The memories from CenturyLink Field in January are still fresh in the minds of many in Wisconsin. The Green Bay Packers were just an on-side kick recovery and a sideline heave away from reaching their second Super Bowl of the Aaron Rodgers era. Green Bay’s prolific offense, the highest scoring in the NFL last year, coughed up a 19-7 lead early in the fourth quarter against the Seattle Seahawks in the NFC Championship and couldn’t muster a single touchdown in the second half or overtime despite five Seattle turnovers.

On Sunday, the Packers begin their quest for their first Super Bowl title since 2011, and it's not expected to be an easy ride to Levi's Stadium on Feb. 7. In the NFC North, Green Bay will likely get some tough competition from the Detroit Lions, and the Seahawks and Dallas Cowboys are once again expected to contend and are hungry for a title. The AFC remains stacked with some elite teams like the defending champion New England Patriots and the burgeoning Indianapolis Colts. Meanwhile, Jordy Nelson is sidelined for the season with a torn ACL, and some key defensive players are gone from last season. Indeed, there is hard work ahead for Mike McCarthy's squad.

But there are plenty of reasons to believe the Packers will not only be in contention but outright win this year’s title. Here are three reasons that stand out:

Rodgers Is Dialed In

The reigning MVP recorded the fifth 4,000-yard season of his storied career last season and there’s no reason to believe his play will level off even with Nelson out for the year. Rodgers still has Randall Cobb, with talented receivers like Davante Adams, Jeff Janis, and rookie Ty Montgomery making up one of the most well-round corps in the league.

Rodgers is also the most efficient quarterback in the league, and rarely if ever do his mistakes cost Green Bay games. He’s averaged only 6.25 interceptions over the last four seasons, and since Rodgers took over as the regular starter in 2008 he’s tossed more than 10 interceptions only twice. And although he’s capable of dropping bombs down the field, Rodgers has the patience to complete a short pass down the middle to keep the offense moving rather than run the risk of a turnover.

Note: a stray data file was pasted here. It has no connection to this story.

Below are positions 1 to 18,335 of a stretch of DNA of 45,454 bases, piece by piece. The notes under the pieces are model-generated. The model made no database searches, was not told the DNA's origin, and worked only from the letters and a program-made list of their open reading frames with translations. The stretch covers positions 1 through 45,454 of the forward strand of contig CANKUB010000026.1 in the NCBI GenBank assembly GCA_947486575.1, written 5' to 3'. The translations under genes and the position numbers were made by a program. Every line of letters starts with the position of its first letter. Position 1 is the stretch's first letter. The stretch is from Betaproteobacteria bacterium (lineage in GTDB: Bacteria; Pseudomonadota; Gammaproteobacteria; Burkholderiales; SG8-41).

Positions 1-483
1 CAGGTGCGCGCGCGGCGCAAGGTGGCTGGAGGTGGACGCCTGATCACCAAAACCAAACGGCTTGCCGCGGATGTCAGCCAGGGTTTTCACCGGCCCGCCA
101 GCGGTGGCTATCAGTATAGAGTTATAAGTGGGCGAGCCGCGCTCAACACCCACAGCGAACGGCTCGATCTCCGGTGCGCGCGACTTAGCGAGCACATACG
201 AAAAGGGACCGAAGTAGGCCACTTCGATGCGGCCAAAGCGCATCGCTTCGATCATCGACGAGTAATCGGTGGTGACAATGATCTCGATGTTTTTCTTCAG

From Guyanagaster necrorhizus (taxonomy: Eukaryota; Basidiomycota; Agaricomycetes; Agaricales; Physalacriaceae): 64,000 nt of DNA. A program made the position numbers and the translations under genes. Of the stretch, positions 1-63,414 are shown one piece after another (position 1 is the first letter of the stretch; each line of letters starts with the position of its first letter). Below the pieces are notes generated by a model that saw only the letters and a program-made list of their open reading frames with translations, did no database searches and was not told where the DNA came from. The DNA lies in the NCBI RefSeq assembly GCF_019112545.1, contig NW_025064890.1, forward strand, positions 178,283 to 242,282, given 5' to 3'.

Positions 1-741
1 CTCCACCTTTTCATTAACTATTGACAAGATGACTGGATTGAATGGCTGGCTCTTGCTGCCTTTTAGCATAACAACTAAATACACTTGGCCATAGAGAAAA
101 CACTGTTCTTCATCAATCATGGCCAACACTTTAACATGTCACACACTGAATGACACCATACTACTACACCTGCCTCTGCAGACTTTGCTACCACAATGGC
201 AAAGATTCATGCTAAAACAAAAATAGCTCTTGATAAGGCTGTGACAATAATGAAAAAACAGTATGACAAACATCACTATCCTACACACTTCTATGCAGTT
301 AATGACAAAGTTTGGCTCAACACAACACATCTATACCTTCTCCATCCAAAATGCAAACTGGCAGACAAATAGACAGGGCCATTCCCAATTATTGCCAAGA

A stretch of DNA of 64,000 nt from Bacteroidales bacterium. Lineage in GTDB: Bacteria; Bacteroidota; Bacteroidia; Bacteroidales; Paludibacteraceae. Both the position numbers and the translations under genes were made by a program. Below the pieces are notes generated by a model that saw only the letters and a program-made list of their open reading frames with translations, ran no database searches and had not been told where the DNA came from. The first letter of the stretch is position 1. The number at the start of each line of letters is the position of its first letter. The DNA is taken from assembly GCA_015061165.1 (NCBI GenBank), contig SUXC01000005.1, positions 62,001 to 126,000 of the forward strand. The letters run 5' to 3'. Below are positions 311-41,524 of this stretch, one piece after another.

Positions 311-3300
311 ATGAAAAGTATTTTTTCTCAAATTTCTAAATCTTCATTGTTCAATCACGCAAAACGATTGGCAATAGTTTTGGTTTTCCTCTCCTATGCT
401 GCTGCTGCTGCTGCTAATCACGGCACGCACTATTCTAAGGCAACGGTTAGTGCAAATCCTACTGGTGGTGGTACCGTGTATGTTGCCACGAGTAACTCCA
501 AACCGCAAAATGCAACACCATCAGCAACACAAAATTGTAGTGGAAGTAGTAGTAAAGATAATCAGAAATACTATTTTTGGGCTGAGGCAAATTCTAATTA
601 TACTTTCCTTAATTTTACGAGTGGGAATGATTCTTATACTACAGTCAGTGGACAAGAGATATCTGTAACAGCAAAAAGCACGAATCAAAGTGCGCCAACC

With Chicago and Detroit’s defenses both on the downswing, especially the Lions after most of their starting defensive line left town via free agency, Rodgers won’t see much pressure in the NFC North. It wouldn't be surprising if Rodgers cruises through the regular season.

There might not be a more focused and determined quarterback in the NFL right now. At age 31, Rodgers is desperate to win another title.

Ha Ha Clinton-Dix Ready For A Breakout Season

The exit of top defensive backs Tramon Williams and Davon House, a tandem that combined for 23 passes defensed and four interceptions a year ago, have caused enough of a stir to suggest Green Bay’s defense will take a step back this year.

But their departures will only serve as the time for second-year free safety Clinton-Dix to join the short list of elite defensive backs in the NFL. As a rookie he was second on the Packers with 94 total tackles, and came up with six passes defensed and one interception, serving as a run stopper in the open field and didn’t allow many big plays to go over his head. Clinton-Dix will anchor the Packers secondary and provide support to corners Casey Hayward and Sam Shields, with the underrated Mycah Hyde playing some nickelback and supporting Clinton-Dix at safety.

At some point the Packers will likely have rookies Damarious Randall and Quentin Rollins play some important minutes both in the regular season and the playoffs, but that’s where Clinton-Dix comes up as the true leader of the squad helping the young players adjust to the pressure. Even at age 22, he has shown the skill and maturity to remind Lambeau fans of Nick Collins.

Defensive backs are often crucial for a playoff run, and Clinton-Dix's emergence might be the reason the Packers withstand their top competitors.

Underrated Pass Rush

Disrupting any NFL offense begins with the pass rush, and the Packers are set to improve a stellar group from last year. In 2014, Dom Capers' squad was tied for ninth in the league with 41 sacks, which went a long way to holding opposing passers to an 82.1 rating (No. 7 in the league).

While Green Bay lost some important veterans in the secondary, their pass rush went completely unscathed and the same group is back to terrorize the division and the rest of the NFL. Altogether, the Packers welcome back Clay Matthews and Julius Peppers, and a solid group of linebackers in Nick Perry, Mike Neal, and Sam Barrington, and the return of nose tackle B.J. Raji after a year way with a serious injury.

Signs point to the front seven overachieving in 2015, which is cause for concern for the rest of the league.